I mentioned in my previous post that “I submitted a paper with a more thorough explanation [of the apparent super-luminal neutrinos detected in the CERN-OPERA experiment] to ArXiv a week ago”. As I write, ArXiv are refusing to publish the paper, without giving reasons in sufficient detail for me to take any corrective action. With hindsight I should perhaps have made the title even less provocative, shortened the Abstract, put the Acknowledgements at the end, rather than on the front page and so on – in each case, “it seemed like a good idea at the time”, and I’m wondering now whether I’ve done something that screams “amateur”. As if that should disqualify me from publishing. But all these things are cosmetic and I was concentrating on the science itself. At the time I didn’t realise there was a significant moderation hurdle on ArXiv – I thought the key was to get an endorser. I was also keen to get my idea “out there”. I figured that if something needed changing they’d just ask me to do it. Anyway, more about my travails in trying to catch the attention of the “physics community” another time.
Here, I want to provide an up to date version of my “Explanation of Apparent Superluminal Velocity in the CERN-OPERA Experiment” (pdf) together with a few words of explanation. This version is significantly different from the one I included in a previous Uncharted Territory post. Postscript: This version has now been submitted to viXra.org, an alternative to arXiv that I came across yesterday.
To recap, my argument is that the neutrinos are travelling at the speed of light, but the speed of light varies slightly depending on direction, because of the motion of the Earth, which is travelling at an estimated 300km/s as measured against the cosmic microwave background (CMB) radiation, which, being the same in all directions, can be taken as providing a stationary reference. It is very difficult to measure the one-way speed of light directly, and the experiments that have been carried out have determined instead c, the “round-trip” light speed. The CERN-OPERA neutrino velocity measurement experiment has unintentionally measured the one-way light speed by comparing neutrino flight times with the expected flight time at c, determined by measuring the distance between CERN and OPERA and successfully transmitting the time at CERN to the OPERA neutrino detector.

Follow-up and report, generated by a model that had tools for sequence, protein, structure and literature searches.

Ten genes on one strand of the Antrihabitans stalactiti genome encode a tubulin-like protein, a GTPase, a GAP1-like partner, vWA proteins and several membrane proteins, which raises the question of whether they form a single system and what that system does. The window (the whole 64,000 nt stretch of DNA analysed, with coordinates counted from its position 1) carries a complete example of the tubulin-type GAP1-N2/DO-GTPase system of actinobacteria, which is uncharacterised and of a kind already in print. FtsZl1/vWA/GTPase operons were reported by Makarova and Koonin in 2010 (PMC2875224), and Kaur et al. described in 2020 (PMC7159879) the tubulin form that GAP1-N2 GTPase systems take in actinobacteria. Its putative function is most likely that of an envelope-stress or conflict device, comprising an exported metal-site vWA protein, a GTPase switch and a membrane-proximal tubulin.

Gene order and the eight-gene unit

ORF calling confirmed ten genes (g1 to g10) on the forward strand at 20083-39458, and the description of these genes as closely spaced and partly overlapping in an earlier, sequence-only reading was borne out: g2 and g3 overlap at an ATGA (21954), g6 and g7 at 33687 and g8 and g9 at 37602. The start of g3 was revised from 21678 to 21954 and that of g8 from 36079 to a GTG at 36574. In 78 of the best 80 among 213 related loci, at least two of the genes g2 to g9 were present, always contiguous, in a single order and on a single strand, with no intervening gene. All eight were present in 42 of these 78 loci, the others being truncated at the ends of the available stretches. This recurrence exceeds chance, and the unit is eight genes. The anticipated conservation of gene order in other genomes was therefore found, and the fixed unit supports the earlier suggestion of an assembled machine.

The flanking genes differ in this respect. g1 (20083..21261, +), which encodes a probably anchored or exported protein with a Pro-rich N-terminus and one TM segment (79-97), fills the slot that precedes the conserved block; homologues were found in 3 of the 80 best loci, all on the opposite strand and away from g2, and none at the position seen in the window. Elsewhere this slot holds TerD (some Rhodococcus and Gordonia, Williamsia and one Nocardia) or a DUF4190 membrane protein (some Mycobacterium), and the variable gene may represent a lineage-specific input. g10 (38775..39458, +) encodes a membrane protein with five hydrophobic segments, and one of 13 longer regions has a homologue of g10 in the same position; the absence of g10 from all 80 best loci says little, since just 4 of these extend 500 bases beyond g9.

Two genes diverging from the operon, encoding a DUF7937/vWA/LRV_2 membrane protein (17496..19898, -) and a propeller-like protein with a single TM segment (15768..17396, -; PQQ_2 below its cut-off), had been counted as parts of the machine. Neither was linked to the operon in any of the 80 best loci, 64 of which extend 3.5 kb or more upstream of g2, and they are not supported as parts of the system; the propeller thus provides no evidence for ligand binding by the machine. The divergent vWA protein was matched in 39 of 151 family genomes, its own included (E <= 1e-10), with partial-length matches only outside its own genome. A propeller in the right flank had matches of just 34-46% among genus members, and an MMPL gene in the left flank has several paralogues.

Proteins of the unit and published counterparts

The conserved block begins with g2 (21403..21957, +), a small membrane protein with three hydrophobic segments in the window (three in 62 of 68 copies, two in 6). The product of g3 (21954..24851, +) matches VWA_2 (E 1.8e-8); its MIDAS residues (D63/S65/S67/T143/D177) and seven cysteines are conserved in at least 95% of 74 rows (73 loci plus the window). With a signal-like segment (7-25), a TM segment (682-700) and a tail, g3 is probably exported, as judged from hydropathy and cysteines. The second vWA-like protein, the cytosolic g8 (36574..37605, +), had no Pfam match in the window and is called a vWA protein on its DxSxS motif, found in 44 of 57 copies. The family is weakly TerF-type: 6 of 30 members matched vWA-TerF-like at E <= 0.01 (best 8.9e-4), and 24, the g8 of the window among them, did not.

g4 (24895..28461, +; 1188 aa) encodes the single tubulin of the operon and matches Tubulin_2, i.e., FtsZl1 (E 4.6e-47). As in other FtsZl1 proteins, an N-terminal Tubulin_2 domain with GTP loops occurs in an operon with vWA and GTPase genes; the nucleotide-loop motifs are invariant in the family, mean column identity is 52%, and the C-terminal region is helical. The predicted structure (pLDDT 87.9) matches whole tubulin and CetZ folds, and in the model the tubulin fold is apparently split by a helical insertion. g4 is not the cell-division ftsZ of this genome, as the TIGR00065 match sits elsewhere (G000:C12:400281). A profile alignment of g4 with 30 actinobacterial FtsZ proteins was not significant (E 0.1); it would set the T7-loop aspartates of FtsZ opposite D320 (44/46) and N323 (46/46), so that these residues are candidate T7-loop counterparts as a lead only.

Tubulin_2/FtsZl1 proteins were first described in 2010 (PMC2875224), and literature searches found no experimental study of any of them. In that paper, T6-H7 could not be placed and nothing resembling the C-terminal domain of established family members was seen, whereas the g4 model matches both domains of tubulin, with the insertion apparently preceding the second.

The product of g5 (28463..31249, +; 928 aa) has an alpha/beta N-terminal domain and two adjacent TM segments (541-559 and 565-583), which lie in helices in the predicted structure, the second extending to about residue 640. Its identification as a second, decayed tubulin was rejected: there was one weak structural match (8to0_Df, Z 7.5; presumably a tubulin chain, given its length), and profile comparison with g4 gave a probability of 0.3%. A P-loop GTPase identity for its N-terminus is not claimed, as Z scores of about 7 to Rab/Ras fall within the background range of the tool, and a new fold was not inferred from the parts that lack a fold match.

The reason for the new version is that I was a bit slow on the uptake. It was only on 27th October, just as I was about to submit to ArXiv, that I belatedly realised that the GPS doesn’t somehow use the “one-way” light speed, but provides a timing based on the “round-trip” light speed. At first I’d thought the whole problem was caused by the procedure for calculating the delay in the optical fibre used to transmit the timing signal over the last 10km into the Gran Sasso mountain to the OPERA neutrino detector. Then, around 25th October, I’d realised that sending a timing signal down an optical fibre runs into the same problems as moving a clock to measure a signal transmission time. On 27th I realised that the GPS also does something similar. A timing signal is sent from the GPS satellite to CERN and to Gran Sasso.
In each case (using the labelling A – CERN, B – Gran Sasso and C – the OPERA neutrino detector) – (i) transmitting a timing signal via GPS from A to B, (ii) moving a clock from B to C to measure a delay in signal transmission, and (iii) transmitting a timing signal via optical fibre cable from B to C – you simply can’t use the time which the transmission has noted it was sent at to measure the speed of light. It’s slippery, but if you really concentrate on the problem, you’ll realise, as did Henri Poincaré, the hero of my previous post, that in each case you have to assume the light speed transmission time.
The best analogy I can come up with is if I received a letter from my nephew – undated, sent 2nd class, with an illegible postmark, as is usual these days – saying I’d forgotten his birthday. I’d be unable to pin down exactly when his birthday was. I’d have to guess how long the letter had taken to reach me.
Similarly, in case (i) in the CERN-OPERA experiment, a “common-view” timing signal is transmitted from a GPS satellite to clocks at CERN (point A) and Gran Sasso (point B), for the express purpose of synchronising those clocks. This signal simply includes the message “the time here is t_SAT”, where t_SAT is whatever the time is on the satellite’s clock. Now, the crucial point (which I only appreciated on 27th October) is that if the message takes n seconds to reach one of the clocks then it’s also n seconds out of date. Unless you know n you can’t tell what the time actually is at the satellite when you receive the message. This is established in the experiment by subtracting the distance from the satellite to the clock and dividing by c, the “round-trip” speed of light, adding the result to the time at which the message was sent. In fact, our whole system of Coordinated Universal Time (UTC) depends on subtracting the assumed transmission time of signals, determined by dividing distance by c, the round-trip light speed. Procedure (i) thus synchronises time between A and B, assuming light travels at c in both directions.